The year anniversary for remote teaching has just passed and virtual learning has been put to the test – with the challenges of ongoing restrictions and lockdowns, universities and other academic institutions have said goodbye to lecture halls and hello to online classes.
By 2010, almost all universities had incorporated online learning into their courses, in the form of virtual learning environments, where staff could share course materials and communicate with students. Before the pandemic hit 95% of universities were already using virtual learning environments to ensure support goes beyond the classroom.
However, virtual learning has not just acted as a supplement to in-person learning but has almost entirely replaced it.
For both universities and students, virtual learning is hugely beneficial and has allowed students to continue their studies safely during the pandemic. It has also hugely improved the accessibility of university education. Online classes allow those with work, family or caring responsibilities to pursue higher education, without the restrictions of a schedule.
Outside of the Covid landscape virtual learning allows students to study at their own pace and complete work whenever they can, without the need for travel costs. It attracts new students to universities, who may not be able to attend classroom-based courses, and offers flexibility that in-person courses can’t, attracting students from across the globe.
According to a Basic Data Skills report (2018), 79% of adults in the UK possess the digital skills required to engage with virtual learning. But virtual learning does have its drawbacks. When working outside of a classroom environment, it’s easy to get distracted.
A 2019 study conducted by Kent University showed that online students are more prone to multi-tasking than their in-class peers. The study also reported that 25% of online students are more tempted to browse social media, send texts and listen to music in online classes than in a classroom.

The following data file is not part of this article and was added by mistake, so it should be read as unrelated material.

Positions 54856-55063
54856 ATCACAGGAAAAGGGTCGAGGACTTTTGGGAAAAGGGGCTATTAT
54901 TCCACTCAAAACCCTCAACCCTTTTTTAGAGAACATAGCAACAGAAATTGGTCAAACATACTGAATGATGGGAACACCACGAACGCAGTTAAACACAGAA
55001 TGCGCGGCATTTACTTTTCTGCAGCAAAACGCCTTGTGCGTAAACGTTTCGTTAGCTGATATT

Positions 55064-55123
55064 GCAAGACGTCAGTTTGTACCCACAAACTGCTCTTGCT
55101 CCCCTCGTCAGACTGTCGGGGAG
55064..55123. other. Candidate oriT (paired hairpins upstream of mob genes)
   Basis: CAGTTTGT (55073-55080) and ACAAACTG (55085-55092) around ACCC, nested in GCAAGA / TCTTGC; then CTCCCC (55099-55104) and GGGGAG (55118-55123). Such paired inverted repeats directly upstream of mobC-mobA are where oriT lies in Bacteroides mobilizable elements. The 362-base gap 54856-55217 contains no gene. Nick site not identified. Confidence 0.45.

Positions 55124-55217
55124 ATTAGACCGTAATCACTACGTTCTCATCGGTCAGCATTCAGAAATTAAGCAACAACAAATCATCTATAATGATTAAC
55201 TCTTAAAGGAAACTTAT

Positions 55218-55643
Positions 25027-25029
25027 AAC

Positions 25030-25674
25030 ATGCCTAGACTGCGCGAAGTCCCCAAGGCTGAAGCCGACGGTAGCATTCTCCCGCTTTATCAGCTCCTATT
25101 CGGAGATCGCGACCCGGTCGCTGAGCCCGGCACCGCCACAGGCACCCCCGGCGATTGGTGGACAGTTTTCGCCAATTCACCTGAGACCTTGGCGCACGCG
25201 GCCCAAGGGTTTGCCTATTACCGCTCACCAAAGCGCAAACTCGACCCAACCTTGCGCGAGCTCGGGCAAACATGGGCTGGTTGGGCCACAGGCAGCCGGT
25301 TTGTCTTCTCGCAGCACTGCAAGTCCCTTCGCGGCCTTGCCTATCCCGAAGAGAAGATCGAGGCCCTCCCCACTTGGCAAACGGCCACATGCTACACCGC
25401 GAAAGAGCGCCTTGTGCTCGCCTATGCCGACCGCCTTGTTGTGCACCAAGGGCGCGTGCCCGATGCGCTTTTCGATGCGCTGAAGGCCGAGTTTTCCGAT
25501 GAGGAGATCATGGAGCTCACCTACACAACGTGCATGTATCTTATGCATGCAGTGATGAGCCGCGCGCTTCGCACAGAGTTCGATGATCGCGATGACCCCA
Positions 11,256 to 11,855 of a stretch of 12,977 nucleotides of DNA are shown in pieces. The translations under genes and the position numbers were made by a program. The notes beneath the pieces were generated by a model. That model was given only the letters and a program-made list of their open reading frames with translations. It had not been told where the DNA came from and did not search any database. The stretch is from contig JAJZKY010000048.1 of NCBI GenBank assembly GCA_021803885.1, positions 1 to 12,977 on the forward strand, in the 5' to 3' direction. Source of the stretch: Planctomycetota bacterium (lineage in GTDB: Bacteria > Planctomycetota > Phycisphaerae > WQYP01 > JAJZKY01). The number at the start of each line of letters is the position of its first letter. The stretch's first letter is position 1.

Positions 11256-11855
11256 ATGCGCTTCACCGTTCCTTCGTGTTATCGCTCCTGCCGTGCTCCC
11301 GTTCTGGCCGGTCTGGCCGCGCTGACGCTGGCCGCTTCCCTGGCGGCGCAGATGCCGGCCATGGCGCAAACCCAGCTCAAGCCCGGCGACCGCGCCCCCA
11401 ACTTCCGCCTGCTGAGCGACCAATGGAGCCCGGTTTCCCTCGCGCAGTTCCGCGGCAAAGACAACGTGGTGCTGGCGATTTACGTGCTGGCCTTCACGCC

So, how do we keep students interested? A staggering 1.6 billion students have been affected by Covid-19. That’s over 91% of students across the globe, but higher education providers must do more to keep these students engaged online and deliver the best education and experience possible.
A 2018 report by the Department of Education encouraged universities to produce interactive online content, rather than standard lecture slides.
Suggestions also included allowing students to study at a time that suits them, as well as boosting interactivity with games and virtual reality, but then there’s our Solution:
Using innovative mixed-reality technology, Zenconnect® Spaces provides universities with fully immersive virtual-reality stages, allowing lecturers to teach dynamic and interactive online lessons to students all over the world.
The way things stand, universities will rely on remote learning for the foreseeable future, and experts are predicting a six-month to five-year disruption to traditional classes, with remote learning options expected to soar.
Enrolment in traditional university courses are declining by 1 to 2% annually, whilst the number of students taking some or all of their undergraduate courses online is growing by 5% each year.
Remote learning doesn’t have to rely on simple video calls and presentation slides. The way we learn has changed – with cutting-edge technology, Zenconnect® offers learning spaces that hold attention with ease. It offers an unrivalled return of investment for academic institutions, increasing student intake via distance learning programmes and attracting applicants globally.
Students will have the opportunity to network with peers across the globe and develop their own cultural awareness. Virtual learning is the future of education – it allows for flexible learning, out-of-hours communication between students and lecturers and accelerated assessment feedback. More and more students are opting to enrol on online courses; with the lower tuition fees also attracting students from all over the world.
Zenconnect® Spaces maximises student engagement and academic success, allowing students to become fully immersed in their lectures. Investing in remote learning will future-proof universities, giving them the tools to increase student intake and survive any future crisis’.Recommend0 recommendationsPublished in